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A brief analysis of JSON file-backed storage
Several components in Firefox — including libpref, XULStore, autofill, and logins — follow a general pattern:
- Store data in memory, usually as a JS collection.
- Load that data from disk during initialization.
- Persist that data to disk in its entirety, usually serialized as JSON, at some point after each write, and/or at shutdown.
JSONFile.jsm is a centralized implementation of this pattern. It supports Promise-based asynchronous loading, synchronous loading, and flushes asynchronously, defaulting to 1500ms after each change. libpref flushes after 500msec.
This approach is well suited to data that:
- Changes infrequently.
- Is relatively small.
- Is only ever directly read or written by a single thread.
- Needs to be kept entirely in memory for reads.
- Has a straightforward JSON encoding (encoding binary blobs, such as images, in base64 is relatively inefficient and typically avoided).
- Has limited durability requirements.
Advantages of this approach:
- It’s relatively simple, with serialization and deserialization being the only steps.
- Because the file is rewritten frequently, there is some hard-to-measure resilience to gradual file corruption.
- The file on disk is — unless compressed — human-readable and editable, which is convenient for development, test, and support.
- Automatic opt-in whole-file compression is offered by JSONFile.
- The in-memory data can be queried and manipulated synchronously and quickly, assuming the representation is a good match for retrieval patterns.
- Development is ‘natural’ for front-end developers — get things working with only in-memory data, then add persistence on top.
- Versioning is often an afterthought: engineers rarely think to version in-memory data formats.
- Change tracking is almost always an afterthought, thanks to the ‘natural’ development process: adding syncing later becomes difficult.
- Users feel relatively empowered to edit readable files on disk, which can result in persistent state that was never created by the component’s own logic. The use of compressed formats makes this less likely.
- Frequent writes will cause the entire file to be written to disk repeatedly, which causes complaints about SSD impact.
- The entire file typically needs to be read into memory to be used, which increases memory footprint and can impact startup time.
- Writes at shutdown harm the user experience and don’t happen during a crash.
- In order to achieve atomic file writes, the entire file contents briefly exist twice on disk, which could be problematic on mobile platforms for large data sets.
- The only approach to cross-process use is duplication of all or part of the in-memory data, which can increase memory footprint. It’s not possible for multiple processes to collaborate on the same data via the filesystem. This is why Firefox for Android still uses the SQLite implementation of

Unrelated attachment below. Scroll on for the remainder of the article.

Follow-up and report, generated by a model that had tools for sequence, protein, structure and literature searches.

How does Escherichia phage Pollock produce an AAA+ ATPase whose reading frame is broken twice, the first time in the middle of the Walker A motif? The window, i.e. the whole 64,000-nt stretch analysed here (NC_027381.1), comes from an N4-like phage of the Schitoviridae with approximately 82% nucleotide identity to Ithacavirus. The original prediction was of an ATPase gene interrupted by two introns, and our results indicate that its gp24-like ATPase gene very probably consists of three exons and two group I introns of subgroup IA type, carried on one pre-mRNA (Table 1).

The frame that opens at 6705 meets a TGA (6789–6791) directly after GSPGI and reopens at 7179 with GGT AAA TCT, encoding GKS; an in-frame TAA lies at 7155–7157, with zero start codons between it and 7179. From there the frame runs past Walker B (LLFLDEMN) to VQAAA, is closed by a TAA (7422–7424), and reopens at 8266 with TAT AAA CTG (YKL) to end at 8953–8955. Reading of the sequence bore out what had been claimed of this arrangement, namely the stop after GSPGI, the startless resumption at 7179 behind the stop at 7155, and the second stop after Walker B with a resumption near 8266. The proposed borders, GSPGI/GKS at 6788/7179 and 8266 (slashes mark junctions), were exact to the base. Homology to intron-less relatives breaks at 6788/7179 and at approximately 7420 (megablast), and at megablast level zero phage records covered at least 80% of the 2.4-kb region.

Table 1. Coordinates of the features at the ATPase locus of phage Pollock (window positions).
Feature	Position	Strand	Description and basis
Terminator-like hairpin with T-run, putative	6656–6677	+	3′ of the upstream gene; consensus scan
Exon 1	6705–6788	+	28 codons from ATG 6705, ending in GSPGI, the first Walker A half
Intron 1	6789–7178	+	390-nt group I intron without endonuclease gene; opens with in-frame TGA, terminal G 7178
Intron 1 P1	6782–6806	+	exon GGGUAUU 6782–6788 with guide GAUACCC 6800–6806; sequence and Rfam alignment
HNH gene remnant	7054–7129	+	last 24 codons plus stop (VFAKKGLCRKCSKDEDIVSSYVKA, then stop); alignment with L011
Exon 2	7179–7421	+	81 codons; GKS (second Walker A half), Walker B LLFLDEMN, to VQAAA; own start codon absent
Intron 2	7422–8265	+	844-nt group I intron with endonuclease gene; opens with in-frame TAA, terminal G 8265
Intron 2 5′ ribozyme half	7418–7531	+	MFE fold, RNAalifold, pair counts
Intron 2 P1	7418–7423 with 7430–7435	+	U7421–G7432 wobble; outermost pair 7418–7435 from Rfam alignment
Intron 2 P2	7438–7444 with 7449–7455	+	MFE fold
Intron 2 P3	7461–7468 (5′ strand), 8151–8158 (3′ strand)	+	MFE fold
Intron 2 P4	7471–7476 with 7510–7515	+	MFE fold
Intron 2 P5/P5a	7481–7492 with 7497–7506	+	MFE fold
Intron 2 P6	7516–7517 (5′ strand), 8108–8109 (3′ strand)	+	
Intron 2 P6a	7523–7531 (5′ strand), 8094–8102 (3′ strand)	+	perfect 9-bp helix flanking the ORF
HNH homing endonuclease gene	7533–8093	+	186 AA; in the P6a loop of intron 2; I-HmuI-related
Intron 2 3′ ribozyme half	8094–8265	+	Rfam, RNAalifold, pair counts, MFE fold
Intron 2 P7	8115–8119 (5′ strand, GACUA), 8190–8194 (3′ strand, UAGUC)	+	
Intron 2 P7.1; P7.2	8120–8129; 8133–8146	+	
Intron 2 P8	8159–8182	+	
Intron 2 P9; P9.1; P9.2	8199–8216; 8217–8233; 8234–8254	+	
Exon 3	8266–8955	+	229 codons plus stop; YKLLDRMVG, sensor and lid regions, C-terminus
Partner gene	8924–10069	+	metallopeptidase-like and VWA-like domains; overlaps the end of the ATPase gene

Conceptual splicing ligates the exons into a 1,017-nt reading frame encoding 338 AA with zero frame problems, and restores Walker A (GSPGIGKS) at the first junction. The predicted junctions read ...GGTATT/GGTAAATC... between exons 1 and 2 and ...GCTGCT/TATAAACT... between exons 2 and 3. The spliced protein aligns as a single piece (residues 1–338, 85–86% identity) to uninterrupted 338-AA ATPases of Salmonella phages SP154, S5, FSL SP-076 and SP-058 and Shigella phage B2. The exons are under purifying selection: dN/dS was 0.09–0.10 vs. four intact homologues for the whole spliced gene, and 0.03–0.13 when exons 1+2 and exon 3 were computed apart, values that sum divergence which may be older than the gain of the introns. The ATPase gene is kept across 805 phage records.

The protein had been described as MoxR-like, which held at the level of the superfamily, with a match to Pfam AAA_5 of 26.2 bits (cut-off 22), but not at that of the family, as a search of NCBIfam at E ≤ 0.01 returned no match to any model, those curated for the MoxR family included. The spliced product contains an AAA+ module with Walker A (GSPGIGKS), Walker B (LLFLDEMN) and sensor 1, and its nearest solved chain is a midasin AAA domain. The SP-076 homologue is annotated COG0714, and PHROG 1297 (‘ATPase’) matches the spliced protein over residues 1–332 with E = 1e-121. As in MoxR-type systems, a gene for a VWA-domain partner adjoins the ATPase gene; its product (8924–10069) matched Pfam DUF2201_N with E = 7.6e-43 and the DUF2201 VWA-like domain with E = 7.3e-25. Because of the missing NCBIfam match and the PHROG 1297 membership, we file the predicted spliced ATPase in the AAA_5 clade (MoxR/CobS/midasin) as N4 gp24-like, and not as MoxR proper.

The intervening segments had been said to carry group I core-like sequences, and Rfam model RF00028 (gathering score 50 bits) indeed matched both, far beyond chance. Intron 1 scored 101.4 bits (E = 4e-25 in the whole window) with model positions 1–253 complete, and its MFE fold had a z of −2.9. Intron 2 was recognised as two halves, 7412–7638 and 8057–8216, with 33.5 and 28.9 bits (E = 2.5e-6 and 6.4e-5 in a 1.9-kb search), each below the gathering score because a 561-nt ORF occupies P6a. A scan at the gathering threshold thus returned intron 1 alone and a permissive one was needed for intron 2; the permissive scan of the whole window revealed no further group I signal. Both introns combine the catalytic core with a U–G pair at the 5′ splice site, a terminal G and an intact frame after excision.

nsILoginManagerStorage: it allows the Android-side
ContentProvider code to read and write saved logins without worrying about Gecko, which nominally owns the backing storage, but has a shorter lifetime than the enclosing Android code. Using desktop’s JSON-backed storage on Android would require launching Gecko on each sync, using messaging for safe access to the file contents.
- The in-memory object is essentially a non-transactional write-back cache. This has several issues:
- It makes isolation (readers can’t see in-progress writes) and atomicity (all writes complete or none do) difficult: we typically mutate the in-memory object directly, and so an exception can cause partial changes to ‘commit’, and readers will see each change as it is applied.
Similiarly, timed flushing makes consistency difficult: it’s possible for only some of a set of asynchronous writes to be flushed to disk because the flush beat the last few writes, leaving the data inconsistent after a crash.
JSONFile.jsm advises that callers do all of their work synchronously on the main thread to avoid the possibility of concurrent readers or partial writes:
The raw data should be manipulated synchronously, without waiting for the
event loop or for promise resolution, so that the saved file is always
This can cause jank.
- Synchronization of data stored in this way takes some careful thought. Syncs typically take hundreds of milliseconds or more, and involve asynchronous network operations, which makes exclusive synchronous access to the in-memory data between reads and writes infeasible.
- There is a tension between durability (that is: writes that complete are permanent) and performance. We typically choose not to flush the file immediately and synchronously after every change, but not doing so leaves a window in which a crash would cause data loss. By default, that window is 1.5 seconds, plus the time needed to write and atomically switch the files. This forces careful consumers to manually flush if they want their writes to stick, which is a bad pattern.
- In-memory objects lack the sophistication of most databases. This leads to front-end features building their own simple query engines for finding records by linear search.
- Similarly, these stores must reinvent (or contribute to JSONFile) their own:
- Versioning and upgrade logic.
- Validation and schema checking.
- Concurrent access patterns.
- Write coalescing/async update patterns.
- Tooling, if existing general-purpose JSON tools (e.g.,
jq) are not sufficient.
- Backup, if any.
- Indexing, if any.
- Datatype serialization (e.g., timestamps).
- Finally, the use of
JSONFile.jsm is intimately linked to Gecko; it’s a poor choice for code that will later need to be deployed on other platforms.
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